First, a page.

St John's wort, hypericin, and imipramine: a comparative analysis of mRNA levels in brain areas involved in HPA axis control following short-term and long-term administration in normal and stressed rats.Mol Psychiatry 2001; 6(5):547-64MP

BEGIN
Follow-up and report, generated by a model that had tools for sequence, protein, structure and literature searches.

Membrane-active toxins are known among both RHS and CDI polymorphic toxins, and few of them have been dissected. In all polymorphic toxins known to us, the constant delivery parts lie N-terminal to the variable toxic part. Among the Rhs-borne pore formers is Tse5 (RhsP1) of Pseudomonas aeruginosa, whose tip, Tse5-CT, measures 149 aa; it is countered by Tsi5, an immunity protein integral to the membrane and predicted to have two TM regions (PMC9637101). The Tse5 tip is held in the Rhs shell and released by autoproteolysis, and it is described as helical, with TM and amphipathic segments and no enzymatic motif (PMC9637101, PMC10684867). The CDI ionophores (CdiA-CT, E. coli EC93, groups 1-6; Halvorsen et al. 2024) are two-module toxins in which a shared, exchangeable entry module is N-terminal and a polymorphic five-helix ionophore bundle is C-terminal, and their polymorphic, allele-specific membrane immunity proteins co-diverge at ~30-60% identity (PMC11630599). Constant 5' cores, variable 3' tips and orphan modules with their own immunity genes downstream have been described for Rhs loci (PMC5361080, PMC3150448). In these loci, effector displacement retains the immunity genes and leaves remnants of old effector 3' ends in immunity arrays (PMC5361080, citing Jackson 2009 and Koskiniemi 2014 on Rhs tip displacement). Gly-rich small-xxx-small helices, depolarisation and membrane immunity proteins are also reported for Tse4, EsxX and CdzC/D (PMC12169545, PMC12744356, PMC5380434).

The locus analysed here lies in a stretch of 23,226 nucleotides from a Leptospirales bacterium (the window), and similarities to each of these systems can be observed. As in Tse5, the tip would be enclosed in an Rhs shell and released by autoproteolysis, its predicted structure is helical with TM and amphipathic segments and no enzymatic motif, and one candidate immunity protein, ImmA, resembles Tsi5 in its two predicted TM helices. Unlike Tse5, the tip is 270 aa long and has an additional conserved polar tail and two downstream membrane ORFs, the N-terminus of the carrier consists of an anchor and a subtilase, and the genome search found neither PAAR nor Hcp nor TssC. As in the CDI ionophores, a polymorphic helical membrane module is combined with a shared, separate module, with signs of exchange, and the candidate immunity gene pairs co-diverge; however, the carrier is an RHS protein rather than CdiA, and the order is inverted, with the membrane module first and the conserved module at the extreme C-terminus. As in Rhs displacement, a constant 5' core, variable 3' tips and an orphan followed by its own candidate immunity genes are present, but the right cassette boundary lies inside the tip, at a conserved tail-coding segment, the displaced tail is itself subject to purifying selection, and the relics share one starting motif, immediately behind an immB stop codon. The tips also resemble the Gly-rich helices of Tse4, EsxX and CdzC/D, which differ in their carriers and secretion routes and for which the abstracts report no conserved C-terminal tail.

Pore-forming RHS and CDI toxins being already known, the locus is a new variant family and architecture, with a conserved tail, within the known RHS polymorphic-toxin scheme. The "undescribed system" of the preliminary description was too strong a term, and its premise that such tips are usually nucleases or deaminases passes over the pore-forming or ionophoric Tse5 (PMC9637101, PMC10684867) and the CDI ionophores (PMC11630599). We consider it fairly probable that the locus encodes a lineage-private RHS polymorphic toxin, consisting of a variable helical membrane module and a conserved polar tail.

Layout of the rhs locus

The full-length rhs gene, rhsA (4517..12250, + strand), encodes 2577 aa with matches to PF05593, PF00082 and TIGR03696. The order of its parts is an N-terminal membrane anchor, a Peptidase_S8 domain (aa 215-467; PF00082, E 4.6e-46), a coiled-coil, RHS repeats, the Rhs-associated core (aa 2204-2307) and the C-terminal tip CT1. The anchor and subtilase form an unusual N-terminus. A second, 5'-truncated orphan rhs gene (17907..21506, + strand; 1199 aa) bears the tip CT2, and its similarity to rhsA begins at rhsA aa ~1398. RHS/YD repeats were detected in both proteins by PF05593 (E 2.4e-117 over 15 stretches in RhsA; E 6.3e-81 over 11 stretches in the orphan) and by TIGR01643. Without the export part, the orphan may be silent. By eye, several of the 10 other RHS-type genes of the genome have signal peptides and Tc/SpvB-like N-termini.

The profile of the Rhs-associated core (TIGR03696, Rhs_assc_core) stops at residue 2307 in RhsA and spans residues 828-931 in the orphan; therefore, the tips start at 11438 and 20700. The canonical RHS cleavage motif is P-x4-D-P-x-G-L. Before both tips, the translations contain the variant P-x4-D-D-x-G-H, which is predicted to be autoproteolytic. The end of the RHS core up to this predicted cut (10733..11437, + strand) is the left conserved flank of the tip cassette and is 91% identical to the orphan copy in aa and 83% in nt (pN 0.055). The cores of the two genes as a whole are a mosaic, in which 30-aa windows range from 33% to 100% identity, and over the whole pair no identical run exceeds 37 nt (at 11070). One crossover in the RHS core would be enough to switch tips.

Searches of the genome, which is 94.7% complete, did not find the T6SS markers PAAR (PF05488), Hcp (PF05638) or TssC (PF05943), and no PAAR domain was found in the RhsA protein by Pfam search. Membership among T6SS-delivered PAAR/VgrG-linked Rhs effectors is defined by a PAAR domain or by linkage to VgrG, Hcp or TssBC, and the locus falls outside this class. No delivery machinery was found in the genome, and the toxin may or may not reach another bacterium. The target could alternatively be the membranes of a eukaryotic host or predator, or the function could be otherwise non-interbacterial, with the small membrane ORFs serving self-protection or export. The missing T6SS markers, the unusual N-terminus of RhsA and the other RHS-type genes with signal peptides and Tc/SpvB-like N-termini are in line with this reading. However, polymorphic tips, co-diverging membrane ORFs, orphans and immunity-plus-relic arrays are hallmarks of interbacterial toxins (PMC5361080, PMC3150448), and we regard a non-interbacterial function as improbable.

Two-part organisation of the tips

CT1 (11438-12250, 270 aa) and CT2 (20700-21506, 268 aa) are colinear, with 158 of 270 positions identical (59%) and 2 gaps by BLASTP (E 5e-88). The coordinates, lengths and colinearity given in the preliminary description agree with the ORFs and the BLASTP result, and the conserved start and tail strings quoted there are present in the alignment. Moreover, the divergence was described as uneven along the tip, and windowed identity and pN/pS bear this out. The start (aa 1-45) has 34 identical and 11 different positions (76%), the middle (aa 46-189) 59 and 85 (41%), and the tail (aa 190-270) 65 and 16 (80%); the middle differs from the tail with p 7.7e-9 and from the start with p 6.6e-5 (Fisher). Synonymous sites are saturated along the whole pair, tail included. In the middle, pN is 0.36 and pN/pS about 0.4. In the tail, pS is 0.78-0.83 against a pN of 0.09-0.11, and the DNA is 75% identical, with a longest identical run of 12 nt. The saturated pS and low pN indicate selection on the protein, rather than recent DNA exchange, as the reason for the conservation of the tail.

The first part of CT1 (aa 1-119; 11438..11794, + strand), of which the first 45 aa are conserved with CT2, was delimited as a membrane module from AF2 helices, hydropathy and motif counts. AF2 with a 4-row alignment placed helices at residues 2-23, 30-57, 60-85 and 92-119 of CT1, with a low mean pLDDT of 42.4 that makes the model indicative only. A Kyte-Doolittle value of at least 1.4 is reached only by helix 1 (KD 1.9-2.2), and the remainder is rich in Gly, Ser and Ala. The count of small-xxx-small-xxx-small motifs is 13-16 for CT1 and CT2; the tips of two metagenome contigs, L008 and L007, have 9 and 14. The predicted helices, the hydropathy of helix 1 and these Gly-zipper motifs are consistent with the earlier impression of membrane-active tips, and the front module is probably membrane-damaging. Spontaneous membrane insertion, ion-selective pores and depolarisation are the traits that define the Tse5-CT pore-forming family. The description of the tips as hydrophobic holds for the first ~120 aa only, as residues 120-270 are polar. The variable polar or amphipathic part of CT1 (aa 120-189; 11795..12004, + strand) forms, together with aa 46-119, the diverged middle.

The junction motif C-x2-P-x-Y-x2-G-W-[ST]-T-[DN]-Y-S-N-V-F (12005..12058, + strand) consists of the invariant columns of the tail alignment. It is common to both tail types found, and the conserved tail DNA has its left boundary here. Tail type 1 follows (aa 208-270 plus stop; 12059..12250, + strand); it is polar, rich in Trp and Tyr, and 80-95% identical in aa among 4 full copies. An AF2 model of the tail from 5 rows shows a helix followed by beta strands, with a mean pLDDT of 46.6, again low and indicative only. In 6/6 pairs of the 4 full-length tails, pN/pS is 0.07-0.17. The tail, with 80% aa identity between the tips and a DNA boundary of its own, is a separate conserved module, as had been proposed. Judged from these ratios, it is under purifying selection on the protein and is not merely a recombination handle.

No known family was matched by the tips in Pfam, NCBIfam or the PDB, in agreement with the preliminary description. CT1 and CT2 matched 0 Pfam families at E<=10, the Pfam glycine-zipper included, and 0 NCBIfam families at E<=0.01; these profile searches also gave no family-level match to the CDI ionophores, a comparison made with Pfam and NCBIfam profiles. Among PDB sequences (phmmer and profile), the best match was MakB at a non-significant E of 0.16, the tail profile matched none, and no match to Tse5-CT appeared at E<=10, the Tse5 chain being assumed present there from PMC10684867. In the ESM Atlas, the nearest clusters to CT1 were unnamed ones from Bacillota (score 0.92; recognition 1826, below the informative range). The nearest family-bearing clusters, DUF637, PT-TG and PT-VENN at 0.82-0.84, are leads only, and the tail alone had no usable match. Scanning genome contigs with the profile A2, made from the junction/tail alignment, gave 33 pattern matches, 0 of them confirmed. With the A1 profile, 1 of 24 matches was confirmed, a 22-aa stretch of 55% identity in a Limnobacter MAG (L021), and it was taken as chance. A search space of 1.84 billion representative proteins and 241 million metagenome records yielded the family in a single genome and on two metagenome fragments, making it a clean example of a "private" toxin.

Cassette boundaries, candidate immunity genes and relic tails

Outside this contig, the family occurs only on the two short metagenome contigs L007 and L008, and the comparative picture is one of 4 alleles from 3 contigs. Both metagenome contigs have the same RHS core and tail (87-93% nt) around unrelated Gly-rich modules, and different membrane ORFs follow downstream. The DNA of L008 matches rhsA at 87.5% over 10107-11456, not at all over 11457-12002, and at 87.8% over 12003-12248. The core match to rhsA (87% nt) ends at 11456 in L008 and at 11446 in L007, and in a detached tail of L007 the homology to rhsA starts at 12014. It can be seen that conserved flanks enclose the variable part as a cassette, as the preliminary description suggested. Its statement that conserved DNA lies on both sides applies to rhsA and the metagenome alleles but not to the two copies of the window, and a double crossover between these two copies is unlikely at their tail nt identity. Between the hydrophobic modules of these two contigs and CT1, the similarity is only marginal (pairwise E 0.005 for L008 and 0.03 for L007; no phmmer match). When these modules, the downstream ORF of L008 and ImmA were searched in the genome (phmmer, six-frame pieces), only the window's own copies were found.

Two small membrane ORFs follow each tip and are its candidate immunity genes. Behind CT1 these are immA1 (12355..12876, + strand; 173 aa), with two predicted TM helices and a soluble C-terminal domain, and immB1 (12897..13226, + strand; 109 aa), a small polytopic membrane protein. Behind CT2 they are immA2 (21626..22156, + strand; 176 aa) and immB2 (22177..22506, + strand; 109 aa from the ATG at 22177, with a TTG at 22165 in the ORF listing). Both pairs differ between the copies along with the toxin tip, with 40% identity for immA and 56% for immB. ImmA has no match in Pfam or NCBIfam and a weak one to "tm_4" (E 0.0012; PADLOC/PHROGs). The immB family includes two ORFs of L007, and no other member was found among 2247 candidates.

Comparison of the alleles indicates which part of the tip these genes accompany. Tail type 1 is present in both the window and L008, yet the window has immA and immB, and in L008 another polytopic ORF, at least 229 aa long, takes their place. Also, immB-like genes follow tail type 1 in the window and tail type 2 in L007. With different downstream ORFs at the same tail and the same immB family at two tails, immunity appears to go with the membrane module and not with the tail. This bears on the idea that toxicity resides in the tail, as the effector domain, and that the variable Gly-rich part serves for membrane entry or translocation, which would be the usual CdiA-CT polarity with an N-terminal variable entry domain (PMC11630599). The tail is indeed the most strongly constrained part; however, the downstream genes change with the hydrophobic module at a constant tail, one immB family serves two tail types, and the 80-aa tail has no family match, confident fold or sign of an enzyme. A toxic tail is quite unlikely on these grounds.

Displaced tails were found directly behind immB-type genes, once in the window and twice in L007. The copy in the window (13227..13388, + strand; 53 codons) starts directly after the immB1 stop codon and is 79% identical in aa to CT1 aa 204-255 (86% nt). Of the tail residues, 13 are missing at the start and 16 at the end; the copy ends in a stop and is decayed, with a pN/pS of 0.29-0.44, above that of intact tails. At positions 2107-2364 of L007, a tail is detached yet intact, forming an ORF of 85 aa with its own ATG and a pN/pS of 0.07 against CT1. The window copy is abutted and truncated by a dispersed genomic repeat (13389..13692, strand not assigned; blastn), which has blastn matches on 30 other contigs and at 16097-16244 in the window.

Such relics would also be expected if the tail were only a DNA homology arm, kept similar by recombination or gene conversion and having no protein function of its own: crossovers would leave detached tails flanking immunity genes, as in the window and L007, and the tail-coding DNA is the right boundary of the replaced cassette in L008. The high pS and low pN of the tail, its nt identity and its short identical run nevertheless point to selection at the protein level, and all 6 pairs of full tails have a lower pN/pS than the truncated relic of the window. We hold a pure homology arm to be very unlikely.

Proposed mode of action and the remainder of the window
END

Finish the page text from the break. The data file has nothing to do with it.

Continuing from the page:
Clinical studies demonstrate that the antidepressant efficacy of St John's wort (Hypericum) is comparable to that of tricyclic antidepressants such as imipramine. Onset of efficacy of these drugs occurs after several weeks of treatment. Therefore, we used in situhybridization histochemistry to examine in rats the effects of short-term (2 weeks) and long-term (8 weeks) administration of imipramine, Hypericum extract, and hypericin (an active constituent of St John's wort) on the expression of genes that may be involved in the regulation of the hypothalamic-pituitary-adrenal (HPA) axis. Imipramine (15 mg kg(-1)), Hypericum (500 mg kg(-1)), and hypericin (0.2 mg kg(-1)) given daily by gavage for 8 weeks but not for 2 weeks significantly decreased levels of corticotropin-releasing hormone (CRH) mRNA by 16-22% in the hypothalamic paraventricular nucleus (PVN) and serotonin 5-HT(1A) receptor mRNA by 11-17% in the hippocampus. Only imipramine decreased tyrosine hydroxylase (TH) mRNA levels in the locus coeruleus (by 23%), and only at 8 weeks. The similar delayed effects of the three compounds on gene transcription suggests a shared action on the centers that control HPA axis activity. A second study was performed to assess the effects of long-term imipramine and Hypericum administration on stress-induced changes in gene transcription in stress-responsive circuits. Repeated immobilization stress (2 h daily for 7 days) increased mRNA levels of CRH in the PVN, proopiomelanocortin (POMC) in the anterior pituitary, glutamic acid decarboxylase (GAD 65/67) in the bed nucleus of the stria terminalis (BST), cyclic AMP response element binding protein (CREB) in the hippocampus, and TH in the locus coeruleus. It decreased mRNA levels of 5-HT(1A) and brain-derived neurotrophic factor (BDNF) in the hippocampus. Long-term pre-treatment with either imipramine or Hypericum reduced to control levels the stress-induced increases in gene transcription of GAD in the BST, CREB in the hippocampus, and POMC in the pituitary. The stress-induced increases in mRNA levels of CRH in the PVN and TH in the locus coeruleus were reduced by imipramine but not by Hypericum. The stress-induced decreases in BDNF and 5-HT(1A)mRNA levels were not prevented by either drug. Taken together, these data show: (1) that Hypericum and hypericin have delayed effects on HPA axis control centers similar to those of imipramine; and (2) that select stress-induced changes in gene transcription in particular brain areas can be prevented by long-term treatment with either the prototypic tricyclic antidepressant imipramine or the herbiceutical St John's wort. However, imipramine appears to be more effective in blocking stress effects on the HPA axis than the plant extract.